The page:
I'd rather sleep on the ground and insulate under me really well.
 

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Corripe Cervisiam
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A $38 bag rated for -20* is realistically a 30* bag.

If you’re sleeping in a wall tent, buy a cot and bring a bunch of blankets and don’t worry about your sleep system.
Sleep systems only really start to matter when you sleep in a tent, far from your vehicle.

The 4.4 R value is the capacity of an insulating material to resist heat flow.
The higher the R value, the warmer the material
I use a 3.2 R value pad, all season long, at 10,500’, on the ground..and keep warm.

If you’re on a cot, in a wall tent, it’s not even the same thing. Buy a comfy cot, the cheap -20 bag(or bring a bunch of quilts/blankets)... bring a pillow, and sleep soundly.
Some good advice here. I've froze my butt off in cheap sleeping bags in the past.

I've spent the last 3 decades plus in the elk mountains in September......you will be addicted.

Even with a cot you need a good pad.

I'm surprised so many guys like the Klymit pad- my hunting buddy dumped his- cold coming right through it.

Best pads are Exped and Thermarest. Lots of Quality bags with Western Mountaineering being the cream of the crop.
 

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A good pad is the most important part of staying warm. And sleeping on a cot is colder than sleeping on the ground (a cot lets the cold air circle you 360) so if you are using a cot then the pad is even more important.

In late September you could get mild night time temps (20s to 30s) or extremely cold temps. Be ready for any temp.
 

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Feedn The Geese
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Color me crazy here as most probably do but you spent 3 years and how much on this hunt? Id guess you have at least $5000 in this and youre worried about spending money on your sleeping bag? If you dont sleep, youre gonna have a terrible time.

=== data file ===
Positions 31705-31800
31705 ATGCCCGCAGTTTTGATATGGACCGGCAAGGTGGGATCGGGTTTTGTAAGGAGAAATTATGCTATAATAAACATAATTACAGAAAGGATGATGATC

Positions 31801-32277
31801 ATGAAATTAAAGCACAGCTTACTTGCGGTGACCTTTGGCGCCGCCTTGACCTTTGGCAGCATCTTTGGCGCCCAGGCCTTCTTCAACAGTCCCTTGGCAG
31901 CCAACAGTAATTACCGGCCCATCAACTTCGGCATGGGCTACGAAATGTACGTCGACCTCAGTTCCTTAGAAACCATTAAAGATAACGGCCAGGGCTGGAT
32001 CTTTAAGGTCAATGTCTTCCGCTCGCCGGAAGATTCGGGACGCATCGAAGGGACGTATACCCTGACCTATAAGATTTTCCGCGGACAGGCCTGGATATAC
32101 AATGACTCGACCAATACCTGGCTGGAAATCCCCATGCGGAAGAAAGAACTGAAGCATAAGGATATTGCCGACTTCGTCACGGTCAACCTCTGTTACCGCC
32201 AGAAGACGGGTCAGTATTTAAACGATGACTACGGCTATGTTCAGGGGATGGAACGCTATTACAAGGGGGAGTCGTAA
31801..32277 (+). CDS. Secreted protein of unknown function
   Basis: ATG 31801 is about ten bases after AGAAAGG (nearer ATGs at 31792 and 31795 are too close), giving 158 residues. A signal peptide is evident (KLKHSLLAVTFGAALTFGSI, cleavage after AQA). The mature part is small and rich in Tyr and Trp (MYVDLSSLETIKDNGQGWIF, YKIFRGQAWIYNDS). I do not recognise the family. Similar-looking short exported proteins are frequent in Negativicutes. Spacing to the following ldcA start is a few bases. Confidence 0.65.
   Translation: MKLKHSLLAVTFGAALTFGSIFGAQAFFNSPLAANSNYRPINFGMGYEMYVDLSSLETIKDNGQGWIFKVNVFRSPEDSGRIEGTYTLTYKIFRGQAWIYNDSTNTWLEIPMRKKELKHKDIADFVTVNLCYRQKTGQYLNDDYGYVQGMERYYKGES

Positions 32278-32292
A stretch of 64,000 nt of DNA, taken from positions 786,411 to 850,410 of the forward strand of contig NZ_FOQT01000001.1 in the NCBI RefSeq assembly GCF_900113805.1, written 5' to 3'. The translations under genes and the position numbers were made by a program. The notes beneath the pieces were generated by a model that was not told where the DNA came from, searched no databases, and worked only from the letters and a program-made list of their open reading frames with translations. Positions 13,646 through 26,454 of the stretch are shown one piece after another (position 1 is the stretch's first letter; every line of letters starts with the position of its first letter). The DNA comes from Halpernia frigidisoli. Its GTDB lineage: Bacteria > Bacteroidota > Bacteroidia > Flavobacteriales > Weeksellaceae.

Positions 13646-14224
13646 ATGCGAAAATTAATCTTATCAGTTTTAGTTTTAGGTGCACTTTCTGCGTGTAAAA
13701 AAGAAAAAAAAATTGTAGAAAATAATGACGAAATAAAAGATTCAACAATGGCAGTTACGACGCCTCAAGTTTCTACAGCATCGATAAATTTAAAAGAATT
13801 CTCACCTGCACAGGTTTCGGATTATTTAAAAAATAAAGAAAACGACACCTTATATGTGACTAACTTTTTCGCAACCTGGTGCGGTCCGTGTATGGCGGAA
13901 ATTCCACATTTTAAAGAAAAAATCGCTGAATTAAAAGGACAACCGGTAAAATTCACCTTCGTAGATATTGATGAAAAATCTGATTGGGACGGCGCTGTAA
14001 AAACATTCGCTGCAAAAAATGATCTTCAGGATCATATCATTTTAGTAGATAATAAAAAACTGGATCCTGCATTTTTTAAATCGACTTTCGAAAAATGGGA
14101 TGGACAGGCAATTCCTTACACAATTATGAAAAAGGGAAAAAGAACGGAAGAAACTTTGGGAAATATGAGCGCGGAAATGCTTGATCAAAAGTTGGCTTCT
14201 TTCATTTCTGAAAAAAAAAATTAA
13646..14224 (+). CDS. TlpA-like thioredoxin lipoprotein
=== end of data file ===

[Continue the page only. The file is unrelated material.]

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Discussion Starter #37
Actually the way we are doing this it will be way less than $5000.00. And Im not trying to skimp on a sleeping bag. But I'm not spending big bucks on it when I can get something on sale. I was really asking for recommendations on a bag and a pad. The cots are there for us to use. The wood burns up very quickly. The way I hear it its gone in an hour or so. And I was talking about the Klymit insulated Static V.
 

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Discussion Starter #38
And the bag I mentioned is $230.00 normally. I found it on a sight on sale for 38.00. I obviously know you cant get a warm top end sleeping bag for 38.00 dollars normally. That would be like taking my old superman bag from when I was a kid! But I really appreciate the info! Keep it coming.
By the way, this isn't something Im using every year. Once every three probably more like it.